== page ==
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Inflation expectations dip as Fed grapples with stimulating prices

Brian Cheung

The Federal Reserve is worried about losing credibility over its inflation targeting, and New York Fed data confirmed Monday that consumers are indeed predicting smaller price increases over the next year.

The New York Fed’s Survey of Consumer Expectations show median inflation expectations for the year ahead ticking down to 2.6% in April, down from 2.82% in March. The April reading extends the trend of downward expectations since the beginning of 2019; in December of last year, consumers told the New York Fed they expected 3% inflation in the year ahead.

Looking farther into the future, expectations for inflation over a three-year horizon also declined, to 2.7% in April, from 2.86% in March.

The survey showed, however, that dampened expectations for inflation are not aligning with expectations to consume less in the future. Expectations for median household spending growth actually increased from 3.1% in March to 3.3% in April, but the New York Fed said expectations for spending have been “volatile and exhibit seasonality.”

The survey polls about 1,300 household heads on their expectations for price changes in food, gas, housing, and education.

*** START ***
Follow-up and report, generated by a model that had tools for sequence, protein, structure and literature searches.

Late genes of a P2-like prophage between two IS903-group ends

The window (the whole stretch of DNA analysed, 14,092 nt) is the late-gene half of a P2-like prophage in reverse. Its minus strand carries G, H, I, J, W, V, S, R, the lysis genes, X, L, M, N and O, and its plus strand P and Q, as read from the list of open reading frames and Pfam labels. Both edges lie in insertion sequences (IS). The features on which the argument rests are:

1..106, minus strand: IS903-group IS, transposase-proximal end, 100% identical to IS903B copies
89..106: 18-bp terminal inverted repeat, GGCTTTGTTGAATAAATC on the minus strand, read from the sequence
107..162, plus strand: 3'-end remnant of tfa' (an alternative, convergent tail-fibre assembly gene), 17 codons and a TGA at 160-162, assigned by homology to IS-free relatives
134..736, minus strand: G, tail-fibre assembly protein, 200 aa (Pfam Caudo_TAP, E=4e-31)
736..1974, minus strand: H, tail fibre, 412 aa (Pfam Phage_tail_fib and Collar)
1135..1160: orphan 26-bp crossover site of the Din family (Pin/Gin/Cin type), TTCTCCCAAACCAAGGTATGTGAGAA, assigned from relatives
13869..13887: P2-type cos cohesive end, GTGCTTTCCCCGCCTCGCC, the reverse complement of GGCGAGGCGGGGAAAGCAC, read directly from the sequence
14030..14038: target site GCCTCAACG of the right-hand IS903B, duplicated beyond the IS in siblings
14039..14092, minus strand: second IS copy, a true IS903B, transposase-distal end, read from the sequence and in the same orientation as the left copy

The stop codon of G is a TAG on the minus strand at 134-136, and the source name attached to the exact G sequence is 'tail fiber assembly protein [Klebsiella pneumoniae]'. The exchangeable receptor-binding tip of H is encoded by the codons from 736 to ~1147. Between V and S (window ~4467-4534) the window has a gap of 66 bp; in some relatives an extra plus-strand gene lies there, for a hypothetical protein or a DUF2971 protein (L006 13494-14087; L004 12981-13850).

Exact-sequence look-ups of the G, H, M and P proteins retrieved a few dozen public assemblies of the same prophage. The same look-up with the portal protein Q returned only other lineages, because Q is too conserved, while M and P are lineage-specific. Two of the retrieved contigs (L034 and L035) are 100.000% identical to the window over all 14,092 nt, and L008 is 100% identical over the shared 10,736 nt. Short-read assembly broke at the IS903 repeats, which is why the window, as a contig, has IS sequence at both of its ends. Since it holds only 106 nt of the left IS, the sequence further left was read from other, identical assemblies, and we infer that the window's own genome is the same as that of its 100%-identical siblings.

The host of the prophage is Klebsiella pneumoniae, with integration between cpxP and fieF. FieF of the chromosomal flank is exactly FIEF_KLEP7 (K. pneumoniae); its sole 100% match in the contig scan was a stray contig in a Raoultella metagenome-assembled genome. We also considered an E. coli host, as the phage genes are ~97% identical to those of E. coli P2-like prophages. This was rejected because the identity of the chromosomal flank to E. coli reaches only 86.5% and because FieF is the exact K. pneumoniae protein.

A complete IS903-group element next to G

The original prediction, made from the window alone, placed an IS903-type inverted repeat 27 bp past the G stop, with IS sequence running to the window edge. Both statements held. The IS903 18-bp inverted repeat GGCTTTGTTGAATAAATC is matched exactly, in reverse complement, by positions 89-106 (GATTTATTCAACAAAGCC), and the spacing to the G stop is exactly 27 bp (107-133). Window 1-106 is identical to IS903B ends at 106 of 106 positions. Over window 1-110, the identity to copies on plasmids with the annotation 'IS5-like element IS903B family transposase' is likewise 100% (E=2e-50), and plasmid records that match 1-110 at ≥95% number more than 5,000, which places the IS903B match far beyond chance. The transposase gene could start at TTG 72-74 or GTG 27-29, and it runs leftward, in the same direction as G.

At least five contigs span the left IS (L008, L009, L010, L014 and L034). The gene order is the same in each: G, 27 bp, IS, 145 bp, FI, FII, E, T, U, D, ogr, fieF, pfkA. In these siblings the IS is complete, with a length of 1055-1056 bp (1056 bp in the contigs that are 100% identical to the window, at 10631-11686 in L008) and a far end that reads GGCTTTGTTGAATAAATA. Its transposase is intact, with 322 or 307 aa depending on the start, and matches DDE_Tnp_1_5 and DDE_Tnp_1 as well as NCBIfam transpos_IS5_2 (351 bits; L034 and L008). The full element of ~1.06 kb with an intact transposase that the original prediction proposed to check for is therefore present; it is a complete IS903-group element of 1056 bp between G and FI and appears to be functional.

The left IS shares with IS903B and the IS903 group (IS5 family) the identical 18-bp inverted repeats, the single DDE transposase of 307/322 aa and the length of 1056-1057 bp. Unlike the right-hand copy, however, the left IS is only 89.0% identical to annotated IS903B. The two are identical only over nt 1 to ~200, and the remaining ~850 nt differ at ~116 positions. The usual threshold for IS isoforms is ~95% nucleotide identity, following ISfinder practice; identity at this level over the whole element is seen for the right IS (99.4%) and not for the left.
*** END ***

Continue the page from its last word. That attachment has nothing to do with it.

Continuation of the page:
The New York Fed's latest survey of U.S. consumers shows inflation expectations dipping to 2.6% over the next year. Credit: David Foster / Yahoo Finance

“Running below” our target

The new data comes as the Fed acknowledges that it is running below its 2% target for inflation.

The central bank prefers inflation readings that strip out the more volatile energy and food prices. Since implementing its 2% target in 2012, inflation from “core” personal consumption expenditures has averaged about 1.6%.

The March reading of core PCE at 1.6% pushed Fed Chairman Jerome Powell to admit in the Fed’s May 1 policy-setting meeting that inflation is “running below” its stated target.

Fed officials frequently say that inflation expectations are the key to realizing price increases. If consumers expect to consume more, prices should increase in theory.

But steering inflation is like walking a tightrope; rampant inflation brings back memories of the economically unstable 1970s but persistently low inflation could signal an economy suffering from low levels of consumption and investment.

There is a debate within the Fed as to whether or not its inflation undershoot is of serious concern. The Fed is currently undergoing a review of the way it targets its 2% goal, and policymakers are divided on the best method for addressing inflation.

While St. Louis Fed President James Bullard advocates for nominal GDP targeting, New York Fed President John Williams has touted the benefits of a closely related method called price-level targeting.

But others feel that undershooting by a few basis points is not a huge deal, suggesting that changing its strategy may instead risk destabilizing inflation. Kansas City Fed President Esther George and Cleveland Fed President Loretta Mester have said they are pleased with the current framework for targeting inflation.

The Fed will convene in Chicago in June for a more substantive discussion on how it addresses inflation.

Brian Cheung is a reporter covering the banking industry and the intersection of finance and policy for Yahoo Finance. You can follow him on Twitter @bcheungz.

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